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A Lebanese Writer’s Palestinian Story

Elias Khoury has enough to deal with in his hometown. The editor in chief of the weekly literary supplement of An Nahar, the secular, leftist Beirut daily, recently lost two colleagues: columnist Samir Kassir and publisher Gebran Tueni, both of whom were presumably murdered by the Syrian government. “Everybody like me — intellectuals who are still playing a part in the struggle for independence and against the dictatorship of Syria, people like us are in danger,” Khoury noted in a recent interview with the Forward.

And yet, for his new novel Khoury has taken on a different topic: the “Naqba,” the term given by the Palestinians to the “tragedy” that befell them when Israel was created. This book, “Gate of the Sun” (translated from Arabic by Humphrey Davies), has been a success around the world: A five-hour film based on the novel (a joint French-Egyptian production) was shown at the most recent Jerusalem Film Festival; The New York Times Book Review called it “an imposingly rich and realistic novel, a genuine masterwork,” and Ammiel Alcalay, writing in The Village Voice, noted wryly that “the first true magnum opus of the Palestinian saga, ‘Gate of the Sun,’ has been written by a Lebanese novelist.”

Khoury — a Christian by birth, a graduate of the University of Paris in social history and a fierce secularist — is still marked by his radical student days in Paris in the 1960s. He has been engaged with the Palestinian cause ever since. His novel’s three main characters are Khalil, a young Palestinian who lives in the Shatila camp while caring for his mentor; Yunes, a weathered Palestinian fighter who, before his sickness, fought alongside non-fictional characters like George Habash and Yassar Arafat, and Nahila, Yunes’s wife, who remained in the Israeli Galilee with their children. “Gate of the Sun” graphically tells the story of Palestinians from the northwest Galilee, where the Palmach Israeli fighters fought during Israel’s War of Independence to retain the Galilee for Israel. The story extends to the aftermath of what happened to the Palestinians who ended up in Lebanese-based refugee camps and those who stayed in what became modern-day Israel. Yunes is in a coma in a Beirut hospital. By way of nursing him, Khalil is retelling stories to Yunes about his family and village, and about the Palestinian exit from Israel from 1948 to the present.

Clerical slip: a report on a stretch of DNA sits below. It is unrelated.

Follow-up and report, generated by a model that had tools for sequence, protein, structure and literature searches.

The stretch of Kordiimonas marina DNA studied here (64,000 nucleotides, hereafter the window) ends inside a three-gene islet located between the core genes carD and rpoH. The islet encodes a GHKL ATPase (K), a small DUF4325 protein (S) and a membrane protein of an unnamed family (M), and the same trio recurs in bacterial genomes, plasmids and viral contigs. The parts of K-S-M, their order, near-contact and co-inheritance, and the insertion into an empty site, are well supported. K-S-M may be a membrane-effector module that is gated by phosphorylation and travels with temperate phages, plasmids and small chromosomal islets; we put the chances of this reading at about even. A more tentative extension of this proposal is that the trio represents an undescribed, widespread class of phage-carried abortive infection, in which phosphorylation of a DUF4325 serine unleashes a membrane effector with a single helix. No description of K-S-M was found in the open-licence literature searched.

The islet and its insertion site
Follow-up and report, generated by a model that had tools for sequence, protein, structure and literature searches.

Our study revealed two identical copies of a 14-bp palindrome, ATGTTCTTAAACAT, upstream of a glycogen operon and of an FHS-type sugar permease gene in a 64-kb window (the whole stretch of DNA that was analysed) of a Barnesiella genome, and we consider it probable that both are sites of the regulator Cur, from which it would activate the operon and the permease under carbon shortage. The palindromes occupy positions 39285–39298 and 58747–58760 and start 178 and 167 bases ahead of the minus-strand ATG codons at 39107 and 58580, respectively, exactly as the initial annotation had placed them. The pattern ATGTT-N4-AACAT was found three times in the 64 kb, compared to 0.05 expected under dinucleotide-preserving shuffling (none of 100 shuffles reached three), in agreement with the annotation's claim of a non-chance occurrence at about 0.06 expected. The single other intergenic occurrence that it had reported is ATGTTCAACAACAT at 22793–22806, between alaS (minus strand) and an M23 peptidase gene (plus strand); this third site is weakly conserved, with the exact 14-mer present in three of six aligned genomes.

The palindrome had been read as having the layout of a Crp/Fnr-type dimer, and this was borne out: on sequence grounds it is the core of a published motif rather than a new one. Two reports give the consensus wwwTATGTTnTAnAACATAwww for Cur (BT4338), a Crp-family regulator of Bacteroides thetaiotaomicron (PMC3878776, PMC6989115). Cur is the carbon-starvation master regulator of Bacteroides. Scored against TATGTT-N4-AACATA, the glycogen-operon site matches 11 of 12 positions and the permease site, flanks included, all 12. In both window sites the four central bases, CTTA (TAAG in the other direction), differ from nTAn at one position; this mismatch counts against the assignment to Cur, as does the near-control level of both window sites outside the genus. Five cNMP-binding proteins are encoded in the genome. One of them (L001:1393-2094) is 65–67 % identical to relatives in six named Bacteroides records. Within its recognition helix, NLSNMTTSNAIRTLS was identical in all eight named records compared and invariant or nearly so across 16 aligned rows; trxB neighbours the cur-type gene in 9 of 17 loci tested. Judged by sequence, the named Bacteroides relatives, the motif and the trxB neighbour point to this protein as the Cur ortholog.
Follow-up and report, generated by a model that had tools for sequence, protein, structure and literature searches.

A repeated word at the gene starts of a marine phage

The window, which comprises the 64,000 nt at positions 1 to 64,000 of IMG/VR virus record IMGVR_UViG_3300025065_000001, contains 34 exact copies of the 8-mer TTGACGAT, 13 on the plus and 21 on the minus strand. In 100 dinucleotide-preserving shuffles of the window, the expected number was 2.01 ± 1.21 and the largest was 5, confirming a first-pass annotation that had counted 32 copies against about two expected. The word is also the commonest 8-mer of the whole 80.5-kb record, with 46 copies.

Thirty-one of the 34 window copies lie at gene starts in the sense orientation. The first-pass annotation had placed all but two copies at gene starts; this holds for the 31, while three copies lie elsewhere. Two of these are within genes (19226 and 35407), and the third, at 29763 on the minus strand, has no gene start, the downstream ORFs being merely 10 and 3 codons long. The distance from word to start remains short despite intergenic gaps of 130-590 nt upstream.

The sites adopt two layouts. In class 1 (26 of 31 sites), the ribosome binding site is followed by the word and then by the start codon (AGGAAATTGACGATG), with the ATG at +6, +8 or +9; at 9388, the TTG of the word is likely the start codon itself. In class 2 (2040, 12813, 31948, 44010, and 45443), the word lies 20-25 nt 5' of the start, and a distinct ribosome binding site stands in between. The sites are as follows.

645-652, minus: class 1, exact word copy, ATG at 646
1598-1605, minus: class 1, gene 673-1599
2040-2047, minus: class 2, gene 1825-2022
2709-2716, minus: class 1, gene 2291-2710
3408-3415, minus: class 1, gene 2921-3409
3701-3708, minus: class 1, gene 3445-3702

In the atmosphere of the Middle East — where each fact, figure and inch of land is heavily debated — a novel employing real people and real events alongside fictional ones was bound to raise some eyebrows. Indeed, when the book was published in Hebrew it met with critics even among the Israeli left. “Stories of this kind actually minimize or undermine the Palestinian tragedy to focus on things that didn’t happen,” Ha’aretz journalist Tom Segev wrote, referring to Khoury’s mixing of fact with fiction when describing the reminiscences of Palestinians who fled from Israel in 1948. Yet, historian Mordechai Bar-On, former chief education officer of the Israel Defense Forces, told the Forward: “The film and the novel give a strong image of the fact that what the Palestinians call the Naqba [the disaster] actually happened, and some 650,000 of them became refugees.”